Seigniorage in the Civil War South
39 Pages Posted: 22 Mar 2018 Last revised: 15 Jul 2018
Date Written: March 15, 2018
During the U.S. Civil War, the Confederate Congress adopted three currency reforms that reduced the quantity of Treasury notes in circulation by inducing the money-holding public to exchange their notes for long-term bonds and by taxation and repudiation of the notes themselves. Treating these currency reforms as event studies, we evaluate their effect on Confederate seigniorage using a model of inflationary finance. We find that the that the reforms reduced seigniorage revenue, which suggest that the South failed to maximize the revenue from seigniorage. This finding suggests that the South may have prolonged the war with a different monetary policy. We argue that this failure was caused by the bifurcation of the Confederate Congress into two groups – those that represented the Confederacy’s interior and those that represented areas that were no longer under Confederate control, which is confirmed by our empirical analysis.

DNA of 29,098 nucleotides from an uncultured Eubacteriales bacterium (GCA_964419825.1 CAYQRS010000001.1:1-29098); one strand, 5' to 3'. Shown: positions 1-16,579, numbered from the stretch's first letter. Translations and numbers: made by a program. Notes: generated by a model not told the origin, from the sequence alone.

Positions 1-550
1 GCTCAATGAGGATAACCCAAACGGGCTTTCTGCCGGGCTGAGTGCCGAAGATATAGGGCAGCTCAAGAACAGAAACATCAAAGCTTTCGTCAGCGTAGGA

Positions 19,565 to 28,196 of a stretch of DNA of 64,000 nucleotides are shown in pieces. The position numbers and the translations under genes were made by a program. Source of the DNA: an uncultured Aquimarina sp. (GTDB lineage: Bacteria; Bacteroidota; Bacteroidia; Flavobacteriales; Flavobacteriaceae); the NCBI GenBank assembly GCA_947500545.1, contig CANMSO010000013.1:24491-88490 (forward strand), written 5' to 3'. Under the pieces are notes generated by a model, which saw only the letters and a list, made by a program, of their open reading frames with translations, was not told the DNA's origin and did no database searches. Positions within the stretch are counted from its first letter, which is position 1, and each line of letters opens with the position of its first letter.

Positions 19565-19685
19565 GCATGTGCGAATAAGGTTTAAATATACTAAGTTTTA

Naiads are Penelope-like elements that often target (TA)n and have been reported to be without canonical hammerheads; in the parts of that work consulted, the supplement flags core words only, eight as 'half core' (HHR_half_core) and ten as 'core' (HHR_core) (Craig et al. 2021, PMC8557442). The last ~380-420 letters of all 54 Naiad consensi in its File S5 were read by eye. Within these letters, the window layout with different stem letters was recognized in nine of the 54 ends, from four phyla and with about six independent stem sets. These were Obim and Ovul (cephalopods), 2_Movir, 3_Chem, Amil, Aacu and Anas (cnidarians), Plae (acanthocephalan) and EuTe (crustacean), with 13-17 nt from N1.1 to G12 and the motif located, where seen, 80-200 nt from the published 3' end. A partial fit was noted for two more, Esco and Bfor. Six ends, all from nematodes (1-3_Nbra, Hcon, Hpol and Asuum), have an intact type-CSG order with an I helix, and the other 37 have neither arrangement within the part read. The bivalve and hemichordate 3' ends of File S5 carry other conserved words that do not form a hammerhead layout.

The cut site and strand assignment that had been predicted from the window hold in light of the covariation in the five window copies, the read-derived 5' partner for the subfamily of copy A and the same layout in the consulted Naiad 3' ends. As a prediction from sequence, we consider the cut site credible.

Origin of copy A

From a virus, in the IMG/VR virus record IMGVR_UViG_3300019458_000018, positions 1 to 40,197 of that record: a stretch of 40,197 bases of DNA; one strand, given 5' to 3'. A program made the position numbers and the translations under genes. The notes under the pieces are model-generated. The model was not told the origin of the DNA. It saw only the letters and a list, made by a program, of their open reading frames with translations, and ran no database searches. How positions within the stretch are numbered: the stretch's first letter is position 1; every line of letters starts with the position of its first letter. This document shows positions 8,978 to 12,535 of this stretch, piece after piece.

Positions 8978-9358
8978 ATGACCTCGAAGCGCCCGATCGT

Keywords: U.S. Civil War, Seigniorage, Confederacy, Inflationary Finance
JEL Classification: E31, E41, E65, N11, N41
Suggested Citation: Suggested Citation